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Re: The Story of Frujinator
Old 04-04-2006, 03:25 PM   #41
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Re: The Story of Frujinator

You don't get overtime for working 12 hour days as an auditor with a big public accounting firm. And it's hard to become a CPA-CFO unless you have public accounting experience with one of the big four firms. Even breaking into the big four firms as an entry level auditor may be tough, depending on your background, GPA, and the college you went to.

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Originally Posted by frujinator
But 12+ hours is not bad, thats a lot of overtime! * Ya I'm ready for the dedication.* I know I'll get burned out, but thats what vacation/retiremtn is for
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Re: The Story of Frujinator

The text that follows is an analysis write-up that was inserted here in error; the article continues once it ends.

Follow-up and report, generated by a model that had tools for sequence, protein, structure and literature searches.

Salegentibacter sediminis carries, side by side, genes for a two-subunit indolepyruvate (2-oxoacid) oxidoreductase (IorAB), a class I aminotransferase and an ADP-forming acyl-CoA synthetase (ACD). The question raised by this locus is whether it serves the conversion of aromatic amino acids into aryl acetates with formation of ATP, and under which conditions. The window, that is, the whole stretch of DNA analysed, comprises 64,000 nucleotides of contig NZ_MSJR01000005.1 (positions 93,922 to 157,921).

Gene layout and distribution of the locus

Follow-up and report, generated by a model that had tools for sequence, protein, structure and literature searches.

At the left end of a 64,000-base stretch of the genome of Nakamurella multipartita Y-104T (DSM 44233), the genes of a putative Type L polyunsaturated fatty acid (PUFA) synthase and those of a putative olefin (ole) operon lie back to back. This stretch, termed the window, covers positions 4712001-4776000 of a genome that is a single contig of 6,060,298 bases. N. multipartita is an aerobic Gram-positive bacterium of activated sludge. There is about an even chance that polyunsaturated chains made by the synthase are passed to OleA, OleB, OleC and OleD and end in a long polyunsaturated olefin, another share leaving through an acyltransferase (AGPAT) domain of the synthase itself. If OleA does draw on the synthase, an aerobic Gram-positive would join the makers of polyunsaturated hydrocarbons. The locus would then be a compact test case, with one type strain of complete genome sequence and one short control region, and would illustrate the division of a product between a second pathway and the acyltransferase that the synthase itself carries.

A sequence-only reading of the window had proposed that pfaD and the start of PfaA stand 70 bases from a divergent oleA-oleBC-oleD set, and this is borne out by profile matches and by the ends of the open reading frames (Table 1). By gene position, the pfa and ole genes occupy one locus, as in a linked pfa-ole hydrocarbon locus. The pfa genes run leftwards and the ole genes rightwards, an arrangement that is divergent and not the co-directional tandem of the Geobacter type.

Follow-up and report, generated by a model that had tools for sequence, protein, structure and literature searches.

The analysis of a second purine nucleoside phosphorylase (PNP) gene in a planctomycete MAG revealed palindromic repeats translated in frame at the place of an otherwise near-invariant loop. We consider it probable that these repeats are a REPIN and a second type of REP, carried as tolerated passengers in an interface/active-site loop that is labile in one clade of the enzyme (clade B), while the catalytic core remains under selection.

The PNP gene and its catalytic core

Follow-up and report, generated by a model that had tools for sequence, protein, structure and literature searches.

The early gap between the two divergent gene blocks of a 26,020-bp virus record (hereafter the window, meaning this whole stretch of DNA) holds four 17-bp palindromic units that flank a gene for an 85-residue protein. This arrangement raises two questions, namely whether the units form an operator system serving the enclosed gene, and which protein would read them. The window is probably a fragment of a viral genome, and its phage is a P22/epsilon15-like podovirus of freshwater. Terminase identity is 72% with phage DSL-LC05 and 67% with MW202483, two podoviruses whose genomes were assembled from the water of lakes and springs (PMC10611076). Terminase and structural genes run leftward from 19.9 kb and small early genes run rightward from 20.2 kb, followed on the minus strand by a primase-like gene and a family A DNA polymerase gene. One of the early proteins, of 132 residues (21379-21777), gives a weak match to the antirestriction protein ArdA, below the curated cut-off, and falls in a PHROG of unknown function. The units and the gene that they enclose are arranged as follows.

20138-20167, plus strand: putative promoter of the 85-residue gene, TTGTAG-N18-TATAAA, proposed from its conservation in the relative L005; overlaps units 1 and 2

Old 04-04-2006, 05:05 PM   #42
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Re: The Story of Frujinator

Quote:
Originally Posted by soupcxan
You don't get overtime for working 12 hour days as an auditor with a big public accounting firm. And it's hard to become a CPA-CFO unless you have public accounting experience with one of the big four firms. Even breaking into the big four firms as an entry level auditor may be tough, depending on your background, GPA, and the college you went to.
Soup,

You do have some good points.. but I assume that the kid has the goods if he was making $100,000 per year at his age.. but then again, if I was doing that I would not have left!!!